The mission of the Peabody Museum is to serve Yale University by advancing our understanding of earth’s history through geological, biological, and anthropological research, and by communicating the results of this research to the widest possible audience through publication, exhibition, and educational programs. Fundamental to this mission is stewardship of the museum’s rich collections, which provide a remarkable record of the history of the earth, its life, and its cultures. Conservation, augmentation and use of these collections become increasingly urgent as modern threats to the diversity of life and culture continue to intensify. Approved by the Corporation of Yale University, February 25, 1995.
Systematic collecting of specimens for teaching and research at Yale began in 1802 with the appointment of Benjamin Silliman as Professor of Chemistry and Natural History. The outstanding mineral collection Silliman built for Yale became an important source of public entertainment and one of the principal attractions for visitors to New Haven. Among the undergraduates attracted to the Yale by its scientific reputation was Othniel Charles Marsh who persuaded his uncle, George Peabody, to give $150,000 to Yale for the construction and care of a museum building for its collections. O.C. Marsh was appointed Professor of Paleontology at Yale in 1866, the first such professorship in the United States.
Accomplishments last year: 1) The Peabody Museum through the Evolutions After School Program and internships for high school students further helped students to pursue college and future careers in the science, technology, engineering, and mathematics (STEM). The goal of Evolutions is to provide youth with basic job and teaching skills, in addition to highlighting science and museum careers, by employing students as interpreters in the exhibition galleries. 2) Samurai and the Culture of Japan’s Great Peace brought to life the many-layered history of the samurai and those they ruled—a history full of drama and paradox. The Museum exhibited more than 150 spectacular artifacts from four Yale collections—the Peabody Museum, Yale University Art Gallery, Yale Collection of Musical Instruments, and the Sterling Memorial Library. 3) Public programs continued to grow with teacher professional development seminars, lectures and summer institute. The community festivals and events included Fiesta Latina - a celebration of Latin American cultures, Martin Luther King, Jr.'s Legacy of Environmental and Social Justice, Dinosaur Days, Paleo-Knowledge Bowl, Summer's Last Roar. 4) Collection-improvement grants in Invertebrate Zoology, Vertebrate Paleontology, and Anthropology continued to help the Museum move collections into the highest-grade museum storage for safe keeping.
One of the most fundamental challenges of the 21st Century is the documentation and conservation of the world's cultural and biological diversity. As part of a University with a strong commitment to environmental research, the Yale Peabody Museum, with its world-class collections (numbering over 12 million specimens and growing), is able to bring tremendous resources to bear in addressing this challenge. Our mission, to advance knowledge and a broad understanding of Earth's history, life and cultures has never been more important. Every year, our Curators and staff conduct field research on every continent while advanced technologies help us draw fresh information from specimens, some of which have been in the collections for decades. Our educational activities inspire people, especially children, with a love for the natural and cultural world and an appreciation of its importance to human health and wellbeing. Global change brings new urgency to questions the Museum has asked throughout its distinguished history - what species exist on Earth, where they live, and how they have changed over time. It also means that increasing public understanding and engagement with these issues is of vital importance. Whether you visit us in person or online, whether you come to learn about our collections or simply have fun, I hope you will be excited to join us in this mission.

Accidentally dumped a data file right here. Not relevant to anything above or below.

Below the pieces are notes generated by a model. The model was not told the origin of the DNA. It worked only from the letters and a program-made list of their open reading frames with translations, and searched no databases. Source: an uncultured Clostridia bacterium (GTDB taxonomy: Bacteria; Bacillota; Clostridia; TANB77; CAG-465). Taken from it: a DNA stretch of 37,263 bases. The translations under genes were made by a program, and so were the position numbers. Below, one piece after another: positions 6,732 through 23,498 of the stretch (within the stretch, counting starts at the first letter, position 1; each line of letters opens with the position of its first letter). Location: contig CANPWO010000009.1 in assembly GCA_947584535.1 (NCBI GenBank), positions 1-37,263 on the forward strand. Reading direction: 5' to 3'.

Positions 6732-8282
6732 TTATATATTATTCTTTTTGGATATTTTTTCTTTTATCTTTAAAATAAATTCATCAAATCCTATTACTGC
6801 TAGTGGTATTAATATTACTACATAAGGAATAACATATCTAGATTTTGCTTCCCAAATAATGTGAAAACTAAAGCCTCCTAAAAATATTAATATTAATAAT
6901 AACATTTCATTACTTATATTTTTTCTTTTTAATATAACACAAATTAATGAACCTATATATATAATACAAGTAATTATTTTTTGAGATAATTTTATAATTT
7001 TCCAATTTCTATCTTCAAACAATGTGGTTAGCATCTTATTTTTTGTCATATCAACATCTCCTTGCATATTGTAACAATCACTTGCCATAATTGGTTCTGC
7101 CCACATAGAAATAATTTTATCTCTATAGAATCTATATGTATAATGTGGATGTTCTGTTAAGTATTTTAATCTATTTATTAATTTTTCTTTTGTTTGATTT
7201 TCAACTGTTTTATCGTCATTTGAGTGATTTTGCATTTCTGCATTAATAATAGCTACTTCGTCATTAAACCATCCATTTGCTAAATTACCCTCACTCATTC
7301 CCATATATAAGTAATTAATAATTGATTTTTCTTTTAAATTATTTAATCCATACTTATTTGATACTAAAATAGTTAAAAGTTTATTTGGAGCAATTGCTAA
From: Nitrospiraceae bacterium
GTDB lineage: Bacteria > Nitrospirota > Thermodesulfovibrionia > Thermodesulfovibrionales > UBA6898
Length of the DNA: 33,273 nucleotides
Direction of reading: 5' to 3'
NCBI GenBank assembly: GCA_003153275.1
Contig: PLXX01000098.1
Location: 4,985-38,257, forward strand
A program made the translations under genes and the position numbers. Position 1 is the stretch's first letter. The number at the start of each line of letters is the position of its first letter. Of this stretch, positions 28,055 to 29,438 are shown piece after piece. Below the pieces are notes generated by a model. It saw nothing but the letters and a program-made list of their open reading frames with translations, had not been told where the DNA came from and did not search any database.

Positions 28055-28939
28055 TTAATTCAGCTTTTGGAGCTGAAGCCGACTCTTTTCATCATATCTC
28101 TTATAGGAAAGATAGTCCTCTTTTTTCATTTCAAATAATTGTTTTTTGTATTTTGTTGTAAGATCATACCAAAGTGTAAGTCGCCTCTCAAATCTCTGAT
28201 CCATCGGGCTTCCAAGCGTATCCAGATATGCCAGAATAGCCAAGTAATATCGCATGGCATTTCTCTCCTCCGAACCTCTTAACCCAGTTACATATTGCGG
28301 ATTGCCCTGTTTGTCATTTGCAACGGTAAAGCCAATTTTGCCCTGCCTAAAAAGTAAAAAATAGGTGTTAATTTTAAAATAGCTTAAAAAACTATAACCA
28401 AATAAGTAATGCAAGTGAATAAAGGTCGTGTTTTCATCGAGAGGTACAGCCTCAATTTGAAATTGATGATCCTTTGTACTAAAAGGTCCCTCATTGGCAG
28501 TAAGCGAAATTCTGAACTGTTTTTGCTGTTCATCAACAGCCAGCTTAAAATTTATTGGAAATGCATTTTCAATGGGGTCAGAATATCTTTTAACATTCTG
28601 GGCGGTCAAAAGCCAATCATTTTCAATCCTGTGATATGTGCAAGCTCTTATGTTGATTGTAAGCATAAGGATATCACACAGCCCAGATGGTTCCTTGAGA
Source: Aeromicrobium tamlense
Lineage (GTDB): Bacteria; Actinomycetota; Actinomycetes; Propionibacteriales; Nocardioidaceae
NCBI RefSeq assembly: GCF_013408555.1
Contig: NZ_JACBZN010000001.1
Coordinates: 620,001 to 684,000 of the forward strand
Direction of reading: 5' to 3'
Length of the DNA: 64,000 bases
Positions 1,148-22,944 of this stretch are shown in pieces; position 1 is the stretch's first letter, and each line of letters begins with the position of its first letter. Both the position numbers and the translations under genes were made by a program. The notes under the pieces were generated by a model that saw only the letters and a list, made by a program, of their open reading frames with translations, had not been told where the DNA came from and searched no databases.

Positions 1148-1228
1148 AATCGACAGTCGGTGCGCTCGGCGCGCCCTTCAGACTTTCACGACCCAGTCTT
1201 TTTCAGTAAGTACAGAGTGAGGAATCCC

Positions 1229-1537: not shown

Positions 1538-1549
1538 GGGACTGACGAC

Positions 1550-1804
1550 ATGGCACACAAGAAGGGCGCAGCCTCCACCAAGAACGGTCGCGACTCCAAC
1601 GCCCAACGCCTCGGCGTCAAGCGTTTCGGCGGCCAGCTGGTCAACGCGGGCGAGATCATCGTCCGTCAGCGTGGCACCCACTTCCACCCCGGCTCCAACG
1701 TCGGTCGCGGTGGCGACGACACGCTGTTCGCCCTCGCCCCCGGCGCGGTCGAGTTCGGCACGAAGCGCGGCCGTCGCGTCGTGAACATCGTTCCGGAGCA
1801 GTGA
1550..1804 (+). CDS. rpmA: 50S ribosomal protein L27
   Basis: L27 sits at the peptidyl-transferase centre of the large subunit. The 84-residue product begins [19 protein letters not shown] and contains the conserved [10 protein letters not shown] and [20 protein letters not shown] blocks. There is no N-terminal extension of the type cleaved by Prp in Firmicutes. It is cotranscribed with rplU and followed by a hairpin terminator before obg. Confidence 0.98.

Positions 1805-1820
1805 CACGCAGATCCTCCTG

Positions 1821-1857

Students will be better equipped to understand science and the relevancy of science to their lives.
Overseen by a board of curators from the Yale University faculty, the exceptional collections of the Yale Peabody Museum of Natural History are at the heart of University teaching, the interdisciplinary studies of researchers from around the world, and Museum exhibitions that communicate the importance and excitement of studying the earth’s history and diversity. There are more than 12 million specimens and objects held by the Museum’s 11 curatorial divisions, less than 1% of which can be displayed to the public at any given time.
The Yale Peabody Museum’s collections are available to legitimate researchers for scholarly use. Loans are issued to responsible individuals at established institutions. Loans and access to the collection can be arranged through the appropriate curatorial division.
Indirect Public Support HelpIndirect public support represents revenue received through solicitation campaigns. This includes funding United Way and other federated fundraising organizations, but does not include donor designated contributions.
Earned Revenue HelpEarned revenue represents income generated in direct exchange for a product or service.Earned income includes income from government contracts.
Greater New Haven is home to a thriving arts community that includes theatre, music, dance and the visual arts. It is invested in its museums, historic preservation and the celebration of its members’ ethnic and cultural diversity.
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